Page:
Green comet: Viewing, photography tips for Vancouver, BC

Tips for observing the 50,033-year comet from the lower continent. Here’s everything you need to know.

A passion for space and photography is not all it takes to become a skilled astrophotographer.

But even a young local space enthusiast has spent countless hours learning the advanced mechanisms behind capturing detailed images of celestial objects. The results of his efforts are nothing short of fascinating, drawing the attention of numerous publications as well as NASA, which singled out one of his photos as a coveted Astronomy Picture of the Day.

Liron Gertsman’s crystal-clear images may seem effortless – like he’s positioned his tripod at just the right moment and captured a quick snapshot of a stunning cosmic event – but space photography is a time-consuming, multi-faceted process.

Comet C/2022 E3 (ZTF), a rare green comet that has not passed the skies of Metro Vancouver in a whopping 50,000 years, makes its closest approach to Earth on Wednesday (February 1). To put that in perspective, that was around the same time that the Neanderthals last walked the planet.

While Metro Vancouver residents may be able to spot the comet with the naked eye, it’s a good idea to bring 40-50mm binoculars or a small telescope if you want to see detail.

What you can and cannot see with the naked eye

Like Gertsman said Vancouver is great, the comet does not appear exactly as you would have hoped without additional help. While he could make out it from around town a few days ago, he said it looked more like a star with a blurry glow; it was impossible to see the tail and it did not appear green.

But that’s not because the comet doesn’t have a green hue. Instead, the human eye is unable to discern the stunning color of the dark night sky (we’re not nocturnal, no matter how many of us would like to be).

What makes this comet so interesting, however, is that Gertsman was able to discern a striking turquoise color before beginning his edit.

“It looks totally ‘turquoise’ in a single shot with a basic camera on a tripod, even without a fancy setup,” he explained. “That’s actually a good way to know you’re looking at the comet because it looks like a star surrounded by a turquoise glow.”

What requires editing is the detail of the “tail”. Or, as Gertsman noted, both “tails” of the comet.

“Two tails are visible in photos of the comet: an ion tail and a dust tail. The ion tail (also called the gas tail) appears as a fairly straight, gray or bluish stream of glowing gas emerging from the comet by solar wind (a stream of particles from [the] Sun). So the ion tail is pointing straight at the sun,” he explained.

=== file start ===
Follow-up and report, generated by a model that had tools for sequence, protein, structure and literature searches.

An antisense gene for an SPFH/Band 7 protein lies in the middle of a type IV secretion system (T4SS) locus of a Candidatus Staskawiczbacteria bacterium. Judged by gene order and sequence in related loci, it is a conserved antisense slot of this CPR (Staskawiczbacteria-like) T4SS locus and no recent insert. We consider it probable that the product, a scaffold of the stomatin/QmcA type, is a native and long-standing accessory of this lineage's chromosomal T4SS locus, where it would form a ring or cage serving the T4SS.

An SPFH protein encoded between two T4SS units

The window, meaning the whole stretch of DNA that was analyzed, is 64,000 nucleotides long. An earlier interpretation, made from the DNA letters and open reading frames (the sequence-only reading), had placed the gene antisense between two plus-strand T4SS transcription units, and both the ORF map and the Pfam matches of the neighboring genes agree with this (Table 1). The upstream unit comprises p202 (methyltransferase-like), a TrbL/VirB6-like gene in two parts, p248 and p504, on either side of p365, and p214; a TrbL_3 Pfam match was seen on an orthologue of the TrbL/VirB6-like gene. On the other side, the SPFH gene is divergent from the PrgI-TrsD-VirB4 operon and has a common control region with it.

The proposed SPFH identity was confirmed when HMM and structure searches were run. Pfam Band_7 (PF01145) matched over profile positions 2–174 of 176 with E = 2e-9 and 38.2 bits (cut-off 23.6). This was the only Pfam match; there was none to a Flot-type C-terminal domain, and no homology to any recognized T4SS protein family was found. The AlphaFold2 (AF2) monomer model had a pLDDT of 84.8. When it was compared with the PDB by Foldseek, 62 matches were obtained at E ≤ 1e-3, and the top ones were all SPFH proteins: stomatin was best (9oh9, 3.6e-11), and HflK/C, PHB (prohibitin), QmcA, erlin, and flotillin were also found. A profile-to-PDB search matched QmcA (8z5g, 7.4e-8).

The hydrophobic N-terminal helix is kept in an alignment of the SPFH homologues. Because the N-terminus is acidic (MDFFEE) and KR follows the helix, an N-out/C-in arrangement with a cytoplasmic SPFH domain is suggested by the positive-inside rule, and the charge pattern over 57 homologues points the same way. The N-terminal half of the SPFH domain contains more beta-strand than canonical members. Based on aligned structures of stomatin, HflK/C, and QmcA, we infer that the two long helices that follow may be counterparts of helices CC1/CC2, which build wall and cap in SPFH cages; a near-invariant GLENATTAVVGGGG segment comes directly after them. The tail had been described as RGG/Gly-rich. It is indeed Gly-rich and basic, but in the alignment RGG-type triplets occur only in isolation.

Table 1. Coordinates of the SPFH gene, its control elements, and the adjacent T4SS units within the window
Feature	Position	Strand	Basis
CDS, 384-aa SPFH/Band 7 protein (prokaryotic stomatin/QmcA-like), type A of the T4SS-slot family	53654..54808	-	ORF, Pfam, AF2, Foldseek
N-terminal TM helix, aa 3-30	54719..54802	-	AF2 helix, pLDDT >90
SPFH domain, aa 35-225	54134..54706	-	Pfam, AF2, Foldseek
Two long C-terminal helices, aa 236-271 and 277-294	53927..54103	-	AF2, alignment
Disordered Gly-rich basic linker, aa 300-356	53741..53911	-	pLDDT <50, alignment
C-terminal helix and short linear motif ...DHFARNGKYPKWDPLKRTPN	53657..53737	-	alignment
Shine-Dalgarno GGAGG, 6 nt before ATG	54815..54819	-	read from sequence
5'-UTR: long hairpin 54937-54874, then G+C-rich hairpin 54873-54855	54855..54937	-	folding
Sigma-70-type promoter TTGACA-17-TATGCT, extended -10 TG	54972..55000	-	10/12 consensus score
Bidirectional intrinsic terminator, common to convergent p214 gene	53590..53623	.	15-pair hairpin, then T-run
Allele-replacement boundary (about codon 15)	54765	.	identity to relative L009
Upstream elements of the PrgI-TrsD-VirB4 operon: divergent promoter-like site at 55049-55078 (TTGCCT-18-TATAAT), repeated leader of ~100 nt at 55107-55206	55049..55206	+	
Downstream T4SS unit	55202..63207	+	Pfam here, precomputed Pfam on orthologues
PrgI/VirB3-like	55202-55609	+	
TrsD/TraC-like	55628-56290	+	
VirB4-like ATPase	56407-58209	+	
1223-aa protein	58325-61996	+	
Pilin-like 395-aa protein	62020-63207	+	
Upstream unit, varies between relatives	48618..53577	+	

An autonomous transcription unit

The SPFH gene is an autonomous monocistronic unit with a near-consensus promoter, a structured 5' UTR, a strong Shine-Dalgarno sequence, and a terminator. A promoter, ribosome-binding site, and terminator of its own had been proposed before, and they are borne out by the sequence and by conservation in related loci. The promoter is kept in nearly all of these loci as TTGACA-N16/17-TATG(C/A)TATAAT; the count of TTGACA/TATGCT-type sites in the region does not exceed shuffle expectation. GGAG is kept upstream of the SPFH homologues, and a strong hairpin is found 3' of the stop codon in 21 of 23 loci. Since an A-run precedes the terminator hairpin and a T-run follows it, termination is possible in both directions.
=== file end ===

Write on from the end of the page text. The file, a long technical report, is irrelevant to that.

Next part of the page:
“The dust tail consists of solid particles that are repelled by solar radiation. The dust tail does not glow, but the solid particles are illuminated directly by sunlight. The dust tail appears wider (rather fan-like). and warmer in color compared to the ion tail.”

The comet’s light turquoise atmosphere, known as the coma, is also visible. While it’s possible to observe with the naked eye outside of the city, the color is difficult to discern without a camera.

Catch the green comet as it passes Earth

Gertsman used more sophisticated tools to create his final image, including a telephoto mirrorless camera, a tripod, and a Skywatcher star tracker. The Star Tracker fits on a tripod and allows astrophotographers to follow the stars.

“If you show [the star tracker] at the North Star it rotates at basically the same speed as the earth or the apparent speed of the sky rotating with the earth. And then I can take really long exposures and reveal a lot of detail in the night sky without becoming like streaky stars, which usually happens when you don’t have the star tracker because we’re on a planet that’s spinning. ” he explained.

Gertsman also set his camera up after 2:15 a.m., which was after the moonset on Jan. 29, when he took the picture. He stayed out until about 6:30am to collect enough frames for the last photo.

The editing process, which took several days, involved a technique called image stacking, which involved lining up multiple photos and averaging each pixel.

“It basically creates a much sharper, brighter image [that allows you to see] the detail in these tails is much better than in a single image,” he noted.

While Wednesday’s Vancouver weather forecast calls for no clear skies — the night the comet makes its closest approach to Earth — Gertsman stresses that there are multiple opportunities to catch it in the days that follow (weather permitting, of course). ).

The last stunning image he captured near Squamish was taken about three days before the big night, so local space enthusiasts should have a chance to snap one that’s just as bright in the next week or so.

Follow Gertsman on Instagram or check out his photography on his website.

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